The Transportation Security Administration (TSA) is adding a new layer of security to its airport screening process. New X-Ray technology will identify suspicious powders in checked bags and carry-ons. It does say most common powders, such as medication, makeup, and baby formula, will not require extra scrutiny, though no specifics are given regarding what types of powders could trigger a screening. The security process is not expected to change when powder screening begins, and a TSA spokesperson told me the follow-up test (if the X-ray detects a suspicious powder) takes only a few minutes (assuming, of course, your powder is found to be harmless).
The TSA says no specific threat triggered this new process, and in fact it has been testing powder screening kits since late last year. It does say it is aware of improvised explosive devices that involve powders.
This sounds like a minimally invasive security measure most travelers won’t notice—nothing like the liquid ban that affected the way people planned and packed for flights. And certainly nothing like those highly controversial body scanners the TSA is rolling out. In fact, it’s my hope that powder screening represents a shift toward non-disruptive precautionary procedures, and away from the invasive and often embarrassing hassle travelers deal with today.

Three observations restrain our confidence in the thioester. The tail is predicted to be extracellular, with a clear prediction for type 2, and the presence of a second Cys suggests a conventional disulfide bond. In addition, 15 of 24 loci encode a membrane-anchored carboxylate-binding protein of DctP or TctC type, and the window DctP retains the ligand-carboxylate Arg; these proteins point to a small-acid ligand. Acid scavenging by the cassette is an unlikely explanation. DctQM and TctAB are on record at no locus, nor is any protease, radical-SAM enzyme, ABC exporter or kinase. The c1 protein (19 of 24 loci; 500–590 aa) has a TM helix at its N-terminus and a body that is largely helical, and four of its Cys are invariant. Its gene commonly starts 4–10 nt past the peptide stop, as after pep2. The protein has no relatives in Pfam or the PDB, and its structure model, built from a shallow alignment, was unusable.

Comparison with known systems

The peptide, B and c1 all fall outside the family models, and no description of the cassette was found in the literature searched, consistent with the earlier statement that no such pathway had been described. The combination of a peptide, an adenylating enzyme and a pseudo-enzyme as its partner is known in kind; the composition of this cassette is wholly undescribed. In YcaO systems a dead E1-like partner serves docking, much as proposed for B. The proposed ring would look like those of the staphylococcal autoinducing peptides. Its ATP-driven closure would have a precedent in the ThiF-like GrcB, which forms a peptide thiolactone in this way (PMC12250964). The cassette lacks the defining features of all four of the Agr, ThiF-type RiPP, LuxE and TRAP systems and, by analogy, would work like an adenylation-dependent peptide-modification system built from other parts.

**Update** I called the TSA to get more clarity on whether or not some common powders could trigger an additional test. While the person I spoke to couldn’t provide details, I was assured that just about anything you’d purchase at your local drug store should be fine.
**Update two** For anyone interested in airport security, I highly recommend Patrick Smith’s sharp criticism of the TSA and security policy in general.
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